Think about how you buy a book. You pick it up, look at the cover, and if you like the visuals, title, and subtitle, it’s because something resonates in you; something about what you see calls to some desire or longing inside you. Perhaps to be touched, moved, entertained, transported, educated, informed, enlightened, reassured, etc. If the cover and title speaks to that something, a kernel of hope starts to stir.
Now, the reader is thinking, “Tell me you can do what I’m hoping you can do.” Their next move is to flip the book over, and think, “Okay, sell me.” At this point, don’t give them a reason to put it down. Bet you had no idea that so much was at stake!
Let’s look at the back cover of my first book: The Well-Fed Writer. Look it up on Amazon, click “Look Inside!” and take a peek at the backside (this Amazon feature reminds us that a powerfully written back cover is equally valuable for both physical and online marketing).
1) Upper Left Corner: Category. Check the books in your genre in the bookstore and notice what’s most appropriate to put in that spot.
2) Top-Center Headline: a strong attention-getting headline/sub-head that makes a claim, asks a question, or piques your prospect’s interest. Mine?
Corporate America Wants Freelancers – Full or Part-Time!
Do You Dream of Being a Well-Paid Freelance Writer and Want to Do It Fast?
3) Sales Copy: Immediately below the headline/sub-head is the benefits-oriented (about the reader, and what’s important to him or her) section of the copy that talks to the reader and gets their attention. Here, I let buyers find themselves in my list of target audiences.
Once I’ve caught their eye, I move on to the next chunk – the features section (about the book and its contents) – fleshing out the story by establishing “the opportunity” that exists in the marketplace and outlining how my book can help them capitalize on that opportunity. The idea is to take them through the logical mental steps necessary to lead to a book purchase.
Anyone reading the back cover copy has qualified themselves as being “in the market” for a book like this. Ergo, we need to maximize this “captive audience” opportunity.
4) Author Bio: Include a brief bio that establishes your credentials for being able to write such a book (also features). You want people to think, “Impressive…”
5) Testimonials: Include at least one, perhaps more, blurbs from “key influencers” in your industry – people who will mean something to your target audience. Bob Bly, the freelance writing guru, was my headliner on the front page.
6) Web Address: A “Duh,” perhaps, but include your URL prominently. Mine’s below my bio. If they decide not to buy it right there in the store or on Amazon, I’ve given them the key to more information (and I’ve heard from web buyers telling me just that). My web site can then take them the rest of the way (and perhaps get them to subscribe to my ezine as well).
All my books have a similar look, given they’re all part of the Well-Fed brand. This clear, clean, bold cover design is not only visually compelling, but the way it’s broken up into sections by color facilitates effective sharing of information in a simple, uncluttered way. This is what a good graphic designer can bring to the table.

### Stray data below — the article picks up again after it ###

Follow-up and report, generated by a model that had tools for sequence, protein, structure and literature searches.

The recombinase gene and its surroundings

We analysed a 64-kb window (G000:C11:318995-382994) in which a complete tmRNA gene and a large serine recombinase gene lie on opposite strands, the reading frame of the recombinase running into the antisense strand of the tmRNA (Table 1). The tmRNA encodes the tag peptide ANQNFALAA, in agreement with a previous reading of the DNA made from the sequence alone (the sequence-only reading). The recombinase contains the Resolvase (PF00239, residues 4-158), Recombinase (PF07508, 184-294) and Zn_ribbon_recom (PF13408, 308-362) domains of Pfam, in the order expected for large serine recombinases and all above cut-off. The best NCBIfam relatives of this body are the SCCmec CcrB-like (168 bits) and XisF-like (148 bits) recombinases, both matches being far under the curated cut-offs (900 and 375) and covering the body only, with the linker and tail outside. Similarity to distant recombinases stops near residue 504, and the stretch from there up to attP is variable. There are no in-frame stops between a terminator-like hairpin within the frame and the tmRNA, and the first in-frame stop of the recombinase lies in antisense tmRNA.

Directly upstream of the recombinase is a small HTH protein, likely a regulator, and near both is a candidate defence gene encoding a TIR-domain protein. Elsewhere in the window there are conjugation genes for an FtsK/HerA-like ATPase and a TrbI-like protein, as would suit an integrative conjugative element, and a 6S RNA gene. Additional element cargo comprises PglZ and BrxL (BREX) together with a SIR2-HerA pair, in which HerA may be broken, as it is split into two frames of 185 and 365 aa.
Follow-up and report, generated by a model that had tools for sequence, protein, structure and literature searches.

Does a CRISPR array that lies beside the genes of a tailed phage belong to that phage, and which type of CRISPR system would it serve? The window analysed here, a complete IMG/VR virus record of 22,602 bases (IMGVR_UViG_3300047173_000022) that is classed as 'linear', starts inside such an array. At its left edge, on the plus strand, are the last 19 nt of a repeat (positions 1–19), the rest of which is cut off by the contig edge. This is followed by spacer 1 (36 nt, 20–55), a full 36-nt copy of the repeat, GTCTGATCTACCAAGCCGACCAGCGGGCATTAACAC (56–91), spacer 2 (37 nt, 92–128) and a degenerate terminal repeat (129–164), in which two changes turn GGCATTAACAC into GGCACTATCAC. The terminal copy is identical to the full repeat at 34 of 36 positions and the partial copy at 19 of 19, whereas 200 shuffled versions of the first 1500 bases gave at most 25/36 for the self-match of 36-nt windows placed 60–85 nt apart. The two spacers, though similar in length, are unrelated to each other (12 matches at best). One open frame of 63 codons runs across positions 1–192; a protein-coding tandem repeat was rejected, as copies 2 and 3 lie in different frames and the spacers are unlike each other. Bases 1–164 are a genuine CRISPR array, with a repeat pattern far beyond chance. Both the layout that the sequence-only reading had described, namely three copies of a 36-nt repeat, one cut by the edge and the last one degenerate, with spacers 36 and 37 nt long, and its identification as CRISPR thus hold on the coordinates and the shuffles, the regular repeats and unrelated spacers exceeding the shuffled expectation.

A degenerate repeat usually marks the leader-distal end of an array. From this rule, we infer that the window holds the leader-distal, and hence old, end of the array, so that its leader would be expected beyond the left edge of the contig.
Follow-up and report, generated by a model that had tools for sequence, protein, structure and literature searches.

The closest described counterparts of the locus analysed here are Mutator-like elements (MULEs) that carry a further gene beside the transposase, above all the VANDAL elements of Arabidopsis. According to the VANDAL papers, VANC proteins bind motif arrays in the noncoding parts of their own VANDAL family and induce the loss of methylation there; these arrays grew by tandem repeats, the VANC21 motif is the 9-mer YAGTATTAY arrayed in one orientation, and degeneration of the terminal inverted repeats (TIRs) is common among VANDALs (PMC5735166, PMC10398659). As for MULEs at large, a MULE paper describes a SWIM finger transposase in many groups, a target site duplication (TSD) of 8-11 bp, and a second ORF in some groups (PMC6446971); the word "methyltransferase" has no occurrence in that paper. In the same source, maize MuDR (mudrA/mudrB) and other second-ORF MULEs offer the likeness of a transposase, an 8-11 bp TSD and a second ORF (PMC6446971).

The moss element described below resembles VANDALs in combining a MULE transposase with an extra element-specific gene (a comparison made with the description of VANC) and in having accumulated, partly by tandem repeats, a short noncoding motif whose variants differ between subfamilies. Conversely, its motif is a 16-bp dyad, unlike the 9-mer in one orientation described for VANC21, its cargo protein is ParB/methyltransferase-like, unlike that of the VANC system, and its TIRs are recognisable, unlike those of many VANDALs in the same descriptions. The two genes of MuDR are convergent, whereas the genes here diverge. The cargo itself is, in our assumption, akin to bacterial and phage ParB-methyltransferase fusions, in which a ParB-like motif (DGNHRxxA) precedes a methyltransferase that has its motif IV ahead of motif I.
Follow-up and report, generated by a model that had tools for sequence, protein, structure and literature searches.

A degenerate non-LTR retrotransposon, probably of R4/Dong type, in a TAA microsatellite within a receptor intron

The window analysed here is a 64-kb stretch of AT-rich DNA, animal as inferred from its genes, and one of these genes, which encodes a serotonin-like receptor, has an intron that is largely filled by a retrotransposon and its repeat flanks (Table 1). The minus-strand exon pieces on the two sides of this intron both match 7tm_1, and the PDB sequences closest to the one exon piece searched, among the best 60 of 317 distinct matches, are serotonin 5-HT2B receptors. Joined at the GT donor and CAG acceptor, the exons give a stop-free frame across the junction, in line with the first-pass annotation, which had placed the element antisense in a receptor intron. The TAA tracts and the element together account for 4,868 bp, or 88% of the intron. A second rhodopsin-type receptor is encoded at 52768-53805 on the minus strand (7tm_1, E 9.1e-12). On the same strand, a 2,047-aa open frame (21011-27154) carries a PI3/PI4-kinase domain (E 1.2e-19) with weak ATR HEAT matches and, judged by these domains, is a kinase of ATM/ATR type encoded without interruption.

Landing the Big-Name Blurb
Why not shoot high and go after that author or “expert” whose opinion would really mean something to your audience (and translate to much greater book sales)? Worst case? They say no. Or never reply. Big deal. But, what if they say yes? So, ask away. These folks are a lot more accessible than you might imagine.
I have a friend who’s written a number of books in the psychology and relationship genres, and for his latest one, he landed a blurb from “Dr. Laura” Schlessinger. At a book signing for the controversial talkmistress, he simply asked. All he had was a few chapters at that point, but he left them with her assistant and a few months later, got his blurb. And a pretty good one at that.
Just as important – especially with “how-to” books – are organizations or associations that can offer an endorsement or “seal of approval” for your book. In these cases, while the specific name of the person isn’t as crucial as the affiliation, you’ll still want to reach the president, executive director, founder, etc. Never underestimate the desire of these folks (and celebrities!) to see their name in print.
Here’s a nifty searchable online database for contacting the managers, publicists and agents for over 54,000 celebrities: www.contactanycelebrity.com. At press time, a seven-day trial was $1, and after that, $30 a month. If you can land some big names quickly and cancel before the month’s out, it’s definitely worth it.
NOTE: Allow a month or so to hear back from your “blurbers” after sending galleys out.
There’s an art to writing good back cover copy. Devote some quality time to the process of transforming a relatively small space into a powerful selling tool.
(Adapted from The Well-Fed Self-Publisher: How to Turn One Book into a Full-Time Living. www.wellfedsp.com).
Got a book in you? Can’t land a publisher? Why not do it yourself, and make a living from it? Sound good? Then, check out the free report on self-publishing at www.wellfedsp.com, the home of the award-winning 2007 release The Well-Fed Self-Publisher: How to Turn One Book into a Full-Time Living. Author Peter Bowerman is known for the award-winning (and self-published) Well-Fed Writer titles (on the lucrative field of commercial freelancing), which have provided him with a full-time living for over five years. (www.wellfedwriter.com.